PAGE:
The Control Revolution And Its Discontents - "the long process of algorithmisation over the last 150 years has also, wherever possible, replaced implicit rules/contracts and principal-agent relationships with explicit processes and rules."
Greece gains another €130bn in bailout funds. It's a nice headline, but the reports suggest it still isn't enough and Newsnight paint a picture of a fracturing Greek society.
Fancy derivatives are mostly gone. Prop trading is gone. There’s less leverage everywhere. Mortgages are back to old-fashioned conservative mortgages—which is a good thing.”
The End of Wall Street As They Knew It After surprisingly successful financial reform, public vilification, and politics that have turned against them, the Masters of the Universe are masters no longer.
Best known for the (exaggerated) tales of her miserliness, Hetty Green was arguably the greatest female investor in history. During the 1907 Bankers' Panic, her loan of $1.1 million helped keep New York City solvent. Her estate - greater than that of J.P. Morgan's - was valued at more than $2 billion in today's money. [more inside]
The seven biggest economic lies with Robert Reich.
A serial intern in the finance sector speaks: "Applying for internships is so tiresome and bruising. It's like dating, you sit by the phone waiting for a call. Back in my days at university I would get up at 5.30am or 6am. First I'd go jogging, then send out an application for an internship. Every morning. It's so painful to hear 'no' all the time."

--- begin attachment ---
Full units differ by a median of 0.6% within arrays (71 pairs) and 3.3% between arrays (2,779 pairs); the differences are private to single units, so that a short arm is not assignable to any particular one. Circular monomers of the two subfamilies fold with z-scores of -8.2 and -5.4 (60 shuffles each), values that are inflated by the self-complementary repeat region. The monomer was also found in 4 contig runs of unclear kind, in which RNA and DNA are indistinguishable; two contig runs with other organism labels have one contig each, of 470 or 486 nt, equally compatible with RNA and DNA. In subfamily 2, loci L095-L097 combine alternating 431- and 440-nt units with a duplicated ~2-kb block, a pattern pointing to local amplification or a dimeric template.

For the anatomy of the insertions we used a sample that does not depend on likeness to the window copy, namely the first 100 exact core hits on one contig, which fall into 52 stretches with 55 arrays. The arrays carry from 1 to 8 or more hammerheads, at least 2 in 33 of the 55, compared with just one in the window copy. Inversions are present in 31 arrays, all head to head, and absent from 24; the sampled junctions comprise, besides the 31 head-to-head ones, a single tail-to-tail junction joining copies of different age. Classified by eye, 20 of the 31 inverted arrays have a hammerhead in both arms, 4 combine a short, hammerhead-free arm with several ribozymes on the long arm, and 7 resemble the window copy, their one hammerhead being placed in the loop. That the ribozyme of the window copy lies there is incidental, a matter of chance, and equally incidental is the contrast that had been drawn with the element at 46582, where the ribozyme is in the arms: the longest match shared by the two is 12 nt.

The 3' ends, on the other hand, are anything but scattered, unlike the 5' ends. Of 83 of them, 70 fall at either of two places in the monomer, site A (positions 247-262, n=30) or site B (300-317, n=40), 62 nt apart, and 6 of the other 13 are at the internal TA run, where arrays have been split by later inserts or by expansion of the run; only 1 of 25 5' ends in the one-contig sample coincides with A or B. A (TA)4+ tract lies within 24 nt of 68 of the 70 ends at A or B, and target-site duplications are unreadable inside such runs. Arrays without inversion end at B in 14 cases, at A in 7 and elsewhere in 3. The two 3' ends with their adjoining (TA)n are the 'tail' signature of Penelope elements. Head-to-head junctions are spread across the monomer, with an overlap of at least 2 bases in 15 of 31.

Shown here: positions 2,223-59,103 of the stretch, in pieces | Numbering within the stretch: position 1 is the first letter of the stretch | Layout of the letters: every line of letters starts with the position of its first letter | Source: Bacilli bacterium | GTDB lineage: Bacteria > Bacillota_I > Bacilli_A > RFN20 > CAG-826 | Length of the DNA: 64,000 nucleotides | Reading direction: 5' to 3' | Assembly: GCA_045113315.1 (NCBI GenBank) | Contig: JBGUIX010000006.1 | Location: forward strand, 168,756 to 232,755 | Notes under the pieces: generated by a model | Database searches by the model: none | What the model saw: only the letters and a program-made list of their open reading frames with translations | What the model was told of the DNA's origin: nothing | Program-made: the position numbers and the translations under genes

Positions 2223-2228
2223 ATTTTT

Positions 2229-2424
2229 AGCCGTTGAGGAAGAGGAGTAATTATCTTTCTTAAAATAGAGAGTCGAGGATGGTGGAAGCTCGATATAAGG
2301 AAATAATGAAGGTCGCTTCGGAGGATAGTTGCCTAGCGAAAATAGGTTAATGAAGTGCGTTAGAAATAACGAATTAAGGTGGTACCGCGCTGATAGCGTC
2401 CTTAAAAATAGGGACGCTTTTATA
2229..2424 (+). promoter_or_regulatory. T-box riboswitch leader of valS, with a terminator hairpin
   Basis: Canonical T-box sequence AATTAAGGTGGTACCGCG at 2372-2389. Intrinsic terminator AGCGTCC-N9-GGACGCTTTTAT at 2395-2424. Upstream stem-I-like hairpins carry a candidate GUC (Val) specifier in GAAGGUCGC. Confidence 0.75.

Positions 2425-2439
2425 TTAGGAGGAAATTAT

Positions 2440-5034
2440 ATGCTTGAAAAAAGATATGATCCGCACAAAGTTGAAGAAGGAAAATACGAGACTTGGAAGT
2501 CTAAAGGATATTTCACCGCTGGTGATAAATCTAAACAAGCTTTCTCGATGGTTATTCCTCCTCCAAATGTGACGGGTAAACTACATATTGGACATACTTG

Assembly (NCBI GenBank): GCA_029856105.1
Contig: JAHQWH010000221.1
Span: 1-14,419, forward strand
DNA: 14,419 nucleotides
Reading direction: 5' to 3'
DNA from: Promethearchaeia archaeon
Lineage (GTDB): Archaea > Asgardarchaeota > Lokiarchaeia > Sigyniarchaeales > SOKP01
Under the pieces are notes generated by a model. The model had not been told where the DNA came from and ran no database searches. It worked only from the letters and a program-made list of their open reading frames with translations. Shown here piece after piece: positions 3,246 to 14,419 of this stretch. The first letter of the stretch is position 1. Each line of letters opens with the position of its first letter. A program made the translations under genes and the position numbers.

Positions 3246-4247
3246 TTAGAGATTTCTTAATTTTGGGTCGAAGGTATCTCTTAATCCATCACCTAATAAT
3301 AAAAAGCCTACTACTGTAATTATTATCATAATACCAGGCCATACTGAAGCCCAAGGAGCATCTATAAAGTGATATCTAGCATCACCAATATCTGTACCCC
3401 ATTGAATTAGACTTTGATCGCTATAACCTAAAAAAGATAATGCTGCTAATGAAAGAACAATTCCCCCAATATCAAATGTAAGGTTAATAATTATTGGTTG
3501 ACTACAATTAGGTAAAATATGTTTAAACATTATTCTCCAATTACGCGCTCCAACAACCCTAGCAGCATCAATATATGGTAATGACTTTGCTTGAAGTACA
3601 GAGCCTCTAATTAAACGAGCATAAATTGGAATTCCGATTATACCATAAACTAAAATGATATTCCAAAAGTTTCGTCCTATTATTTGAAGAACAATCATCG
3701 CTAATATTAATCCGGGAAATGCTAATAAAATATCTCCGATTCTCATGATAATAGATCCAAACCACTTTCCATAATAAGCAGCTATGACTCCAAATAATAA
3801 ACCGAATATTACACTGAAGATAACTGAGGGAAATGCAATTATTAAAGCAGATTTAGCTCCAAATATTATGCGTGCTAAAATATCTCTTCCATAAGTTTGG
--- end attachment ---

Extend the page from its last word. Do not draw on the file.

A Swarthmore College student-reporter's questioning of whether it is moral to go into banking sparks NYT columnist Nick Kristof to not only assert the affirmative, but to argue (in part) that in fact more well-educated, liberally-mined people should go into "conservative" industries like banking in order to reform it from the inside. In effect, Kristof suggests, socialist-leaning, educationally-empowered students should hunker down, swallow their disdain, and apply their ideals to change finance. Said student responds (in Slate): elite, ostensibly liberal-leaning students don't seem to be particularly discouraged from capitalism or going into banking in this climate, and probably never have been.